On Wednesday morning, Melania Trump tweeted images of a letter from an immigration attorney that discusses the process she went through upon immigrating to the United States. “I am pleased to enclose a letter from my immigration attorney which states that, with 100% certainty, I correctly went through the legal process when arriving in the USA,” Trump wrote in the same post.
— MELANIA TRUMP (@MELANIATRUMP) September 14, 2016
Attorney Michael Wildes says in the letter that Trump did not work in the U.S. illegally in 1995, saying she was “never in the United States in 1995″ (emphasis used in the original). Wildes says that the allegation that Trump was in a photo shoot for the French magazine Max in New York in 1995 is untrue. He says that the the photo shoot took place “after she was admitted to the United States in H-1B visa status in October 1996.”
This contradicts media reports that images from the photo shoot were published in the January 1996 issue of Max. Wildes told LawNewz.com, “I reviewed her passport and confirmed her first entry into the U.S. was in October 1996.” LawNewz.com reached out to Alé Alexandre de Basseville, the photographer who claims he shot the photographs, where and when he took them. He responded, “I don’t remember.” According to a New York Post article from July of this year, he had said he took the photos in Manhattan in 1995.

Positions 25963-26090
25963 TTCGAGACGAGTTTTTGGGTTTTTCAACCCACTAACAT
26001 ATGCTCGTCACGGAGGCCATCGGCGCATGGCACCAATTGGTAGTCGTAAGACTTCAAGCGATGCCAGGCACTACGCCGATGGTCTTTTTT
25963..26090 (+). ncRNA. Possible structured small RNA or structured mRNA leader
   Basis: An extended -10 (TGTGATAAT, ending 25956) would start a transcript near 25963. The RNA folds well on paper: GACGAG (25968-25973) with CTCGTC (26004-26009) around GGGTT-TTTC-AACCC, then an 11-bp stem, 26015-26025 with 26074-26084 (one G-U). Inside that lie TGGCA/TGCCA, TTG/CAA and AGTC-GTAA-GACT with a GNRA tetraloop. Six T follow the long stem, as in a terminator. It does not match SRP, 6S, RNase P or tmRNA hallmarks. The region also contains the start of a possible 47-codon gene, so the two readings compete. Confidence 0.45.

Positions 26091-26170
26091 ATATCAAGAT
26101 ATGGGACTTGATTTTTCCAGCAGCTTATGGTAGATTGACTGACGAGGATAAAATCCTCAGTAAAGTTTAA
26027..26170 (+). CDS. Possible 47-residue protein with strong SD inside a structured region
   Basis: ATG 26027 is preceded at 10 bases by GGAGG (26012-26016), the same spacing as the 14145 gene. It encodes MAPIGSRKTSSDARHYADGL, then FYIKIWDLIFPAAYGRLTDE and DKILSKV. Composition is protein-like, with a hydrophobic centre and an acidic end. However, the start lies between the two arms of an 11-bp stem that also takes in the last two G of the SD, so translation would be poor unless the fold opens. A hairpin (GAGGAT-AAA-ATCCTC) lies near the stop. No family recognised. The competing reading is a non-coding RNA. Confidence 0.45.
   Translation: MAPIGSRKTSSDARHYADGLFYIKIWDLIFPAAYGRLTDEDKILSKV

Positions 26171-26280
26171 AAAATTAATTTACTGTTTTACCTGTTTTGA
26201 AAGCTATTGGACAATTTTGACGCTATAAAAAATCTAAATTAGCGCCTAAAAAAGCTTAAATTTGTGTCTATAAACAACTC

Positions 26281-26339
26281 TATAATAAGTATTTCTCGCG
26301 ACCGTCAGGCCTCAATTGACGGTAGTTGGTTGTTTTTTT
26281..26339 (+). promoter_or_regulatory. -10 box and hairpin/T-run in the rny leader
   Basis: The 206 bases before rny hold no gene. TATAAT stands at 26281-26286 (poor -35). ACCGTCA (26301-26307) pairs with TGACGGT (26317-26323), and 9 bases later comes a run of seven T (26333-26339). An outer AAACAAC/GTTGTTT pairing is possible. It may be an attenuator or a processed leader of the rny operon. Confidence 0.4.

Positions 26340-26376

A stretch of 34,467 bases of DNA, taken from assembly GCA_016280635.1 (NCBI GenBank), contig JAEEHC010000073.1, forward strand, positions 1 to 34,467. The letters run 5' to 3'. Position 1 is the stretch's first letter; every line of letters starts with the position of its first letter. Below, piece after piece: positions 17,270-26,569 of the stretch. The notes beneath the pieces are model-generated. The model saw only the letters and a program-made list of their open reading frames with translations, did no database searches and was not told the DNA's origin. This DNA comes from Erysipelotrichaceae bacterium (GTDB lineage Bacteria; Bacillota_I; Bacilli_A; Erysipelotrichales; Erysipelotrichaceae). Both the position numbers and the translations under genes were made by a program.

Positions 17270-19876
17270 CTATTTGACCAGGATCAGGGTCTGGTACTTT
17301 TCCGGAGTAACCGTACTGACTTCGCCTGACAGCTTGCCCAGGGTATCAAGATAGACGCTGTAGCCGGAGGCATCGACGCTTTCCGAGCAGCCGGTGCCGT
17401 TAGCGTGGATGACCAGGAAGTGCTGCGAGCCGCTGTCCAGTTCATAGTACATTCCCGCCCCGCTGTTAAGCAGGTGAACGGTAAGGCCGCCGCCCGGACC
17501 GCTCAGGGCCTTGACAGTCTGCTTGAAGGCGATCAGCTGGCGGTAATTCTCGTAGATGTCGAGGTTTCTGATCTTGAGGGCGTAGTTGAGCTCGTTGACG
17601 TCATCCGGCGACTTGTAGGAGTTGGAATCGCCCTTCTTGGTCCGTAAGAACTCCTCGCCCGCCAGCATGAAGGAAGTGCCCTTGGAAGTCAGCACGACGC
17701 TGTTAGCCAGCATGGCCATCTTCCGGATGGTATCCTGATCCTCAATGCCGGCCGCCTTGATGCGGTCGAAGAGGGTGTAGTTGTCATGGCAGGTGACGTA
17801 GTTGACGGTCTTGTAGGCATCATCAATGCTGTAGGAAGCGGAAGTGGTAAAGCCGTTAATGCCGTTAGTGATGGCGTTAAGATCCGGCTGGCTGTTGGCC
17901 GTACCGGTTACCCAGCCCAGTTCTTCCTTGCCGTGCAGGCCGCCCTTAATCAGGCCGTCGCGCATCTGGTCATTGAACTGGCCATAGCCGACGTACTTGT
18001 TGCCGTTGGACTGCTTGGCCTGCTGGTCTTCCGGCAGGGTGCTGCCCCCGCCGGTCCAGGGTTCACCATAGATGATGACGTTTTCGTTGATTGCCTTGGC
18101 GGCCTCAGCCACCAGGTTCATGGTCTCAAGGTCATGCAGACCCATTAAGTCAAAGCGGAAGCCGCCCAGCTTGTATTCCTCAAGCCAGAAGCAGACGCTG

Another point of confusion regarding Trump’s immigration process stemmed from her claims regarding how frequently she had to go back to Europe to get her visa stamped. Wildes acknowledged that “some foreign workers are issued H-1B visas for up to three years.” However, Trump came to the U.S. from Slovenia, and Wildes wrote that H-1B visas for Slovenian citizens were limited to up to one year. “Each of Mrs. Trump’s five H-1B visas was issued for a one year period,” the letter says.
The letter adds that Trump did not receive her green card through marriage, rather she self-sponsored herself, and was admitted as a lawful permanent resident in 2001, and became eligible for citizenship in 2006.
This article has been updated to include a comment from attorney Michael Wildes.
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